Leandro Mena, MD, MPH is founding Chair of the Department of Population Health Science at the University of Mississippi and serves as the STD Medical Director for the state of Mississippi.
Q: You’ve spent most of your career leading research about HIV and PrEP use, specifically focused on young Black men who have sex with men (MSM) in the South and other marginalized communities affected by HIV. How did you come to select these topics as the focus of your career?
I trained in infectious diseases in New Orleans because I wanted to become an HIV specialist. I worked with my mentor Dave Martin, who specializes in sexually transmitted diseases (STDs), and I gained appreciation for the importance of doing research around sexually transmitted infections (STIs) and sexual health. By the time I came to Mississippi as STD Medical Director, in many ways, I didn’t see the difference between STD prevention and HIV prevention.
When pre-exposure prophylaxis (PrEP) and PrEP data became available, I felt that I could significantly help by offering effective protection to individuals who are disproportionally affected by HIV. PrEP was a form of protection that no longer required a controlled, co-collaboration with a partner as condoms do – people could use PrEP on their own time. Granted, we know at least with men who have sex with men (MSM) and certainly with transgender women, PrEP allows for less than perfect adherence, and yet it is very effective.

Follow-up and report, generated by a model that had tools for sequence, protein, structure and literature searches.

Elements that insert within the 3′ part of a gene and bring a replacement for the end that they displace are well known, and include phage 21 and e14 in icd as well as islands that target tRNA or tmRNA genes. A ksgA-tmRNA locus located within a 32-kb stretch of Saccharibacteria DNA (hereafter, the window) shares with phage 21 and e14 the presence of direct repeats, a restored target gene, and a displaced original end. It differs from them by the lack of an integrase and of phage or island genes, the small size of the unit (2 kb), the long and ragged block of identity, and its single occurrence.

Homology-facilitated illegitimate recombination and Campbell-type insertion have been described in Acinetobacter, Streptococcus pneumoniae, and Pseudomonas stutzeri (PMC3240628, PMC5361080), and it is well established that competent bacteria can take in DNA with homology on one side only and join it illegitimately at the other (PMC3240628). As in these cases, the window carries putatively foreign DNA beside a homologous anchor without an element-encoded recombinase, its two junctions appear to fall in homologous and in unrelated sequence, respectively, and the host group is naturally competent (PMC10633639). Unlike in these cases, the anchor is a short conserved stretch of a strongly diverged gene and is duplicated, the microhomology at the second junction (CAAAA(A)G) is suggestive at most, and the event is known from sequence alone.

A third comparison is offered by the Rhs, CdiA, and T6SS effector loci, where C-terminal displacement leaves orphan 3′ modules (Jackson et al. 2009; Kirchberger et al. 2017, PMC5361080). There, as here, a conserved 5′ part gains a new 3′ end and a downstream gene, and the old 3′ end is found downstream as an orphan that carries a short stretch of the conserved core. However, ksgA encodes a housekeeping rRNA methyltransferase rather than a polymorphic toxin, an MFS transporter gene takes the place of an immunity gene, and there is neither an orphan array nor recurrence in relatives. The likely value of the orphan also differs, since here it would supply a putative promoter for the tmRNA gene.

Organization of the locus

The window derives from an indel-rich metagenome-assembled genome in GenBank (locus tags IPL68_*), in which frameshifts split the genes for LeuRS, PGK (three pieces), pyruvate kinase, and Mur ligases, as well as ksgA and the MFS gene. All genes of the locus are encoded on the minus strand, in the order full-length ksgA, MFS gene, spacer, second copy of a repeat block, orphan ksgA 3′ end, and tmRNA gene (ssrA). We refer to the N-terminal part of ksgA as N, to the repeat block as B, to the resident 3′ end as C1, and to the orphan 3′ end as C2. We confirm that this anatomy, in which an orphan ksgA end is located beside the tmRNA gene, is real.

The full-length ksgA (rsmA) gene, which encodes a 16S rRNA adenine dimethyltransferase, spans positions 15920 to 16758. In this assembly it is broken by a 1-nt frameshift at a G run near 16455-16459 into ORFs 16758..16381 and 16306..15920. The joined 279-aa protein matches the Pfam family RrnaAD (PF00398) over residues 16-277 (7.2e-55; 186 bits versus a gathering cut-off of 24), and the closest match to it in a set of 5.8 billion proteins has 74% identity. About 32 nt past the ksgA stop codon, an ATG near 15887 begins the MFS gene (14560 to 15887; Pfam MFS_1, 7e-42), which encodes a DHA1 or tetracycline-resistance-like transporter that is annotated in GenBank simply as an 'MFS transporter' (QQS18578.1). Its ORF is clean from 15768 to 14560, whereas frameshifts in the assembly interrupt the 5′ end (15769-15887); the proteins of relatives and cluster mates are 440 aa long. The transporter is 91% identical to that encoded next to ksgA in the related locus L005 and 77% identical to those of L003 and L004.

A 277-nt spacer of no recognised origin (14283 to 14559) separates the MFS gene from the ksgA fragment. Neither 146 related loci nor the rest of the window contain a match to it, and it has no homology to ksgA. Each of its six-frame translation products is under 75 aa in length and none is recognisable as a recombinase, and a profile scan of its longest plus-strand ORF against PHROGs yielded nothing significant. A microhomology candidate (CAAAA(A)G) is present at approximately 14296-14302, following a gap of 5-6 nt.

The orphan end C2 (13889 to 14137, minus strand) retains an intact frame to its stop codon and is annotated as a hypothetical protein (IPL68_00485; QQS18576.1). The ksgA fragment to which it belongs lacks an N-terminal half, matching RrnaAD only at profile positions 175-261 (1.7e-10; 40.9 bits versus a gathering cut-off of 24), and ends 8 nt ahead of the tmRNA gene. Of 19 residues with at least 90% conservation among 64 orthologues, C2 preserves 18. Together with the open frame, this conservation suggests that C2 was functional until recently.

Q: According to your 2020 article, “A Mobile Intervention to Improve Uptake of Pre-Exposure Prophylaxis for Southern Black Men Who Have Sex With Men: Protocol for Intervention Development and Pilot Randomized Controlled Trial,” Jackson, Mississippi has “the second-highest AIDS diagnosis rate in the nation and the highest rate of HIV infection for young, urban Black MSM.” What additional barriers to PrEP uptake and HIV care do young Black MSM face?
In the South, many of our states have not expanded Medicaid—which complicates the ability for high-risk populations like MSM and transgender women of color who do not have health insurance to access PrEP. It represents a significant poverty barrier that goes against the efforts of public health professionals working hard to bridge treatment gaps in high-risk communities. Clinical carriers are also often in the position to provide PrEP because they see high-risk HIV-negative patients who could benefit from treatment. However, these providers often do not provide services in a culturally competent and sex-positive environment.
In addition to these structural barriers, there is still a lot of patient hesitation and social stigma associated with HIV treatment and prevention. The care continuum for people living with HIV, compared to those working to prevent HIV, is slightly different. When living with HIV, you know that you have a disease and it is easier to convey the idea that without treatment, bad things can happen. With prevention, individuals that otherwise live as healthy people do not have much of an incentive or desire to take medication.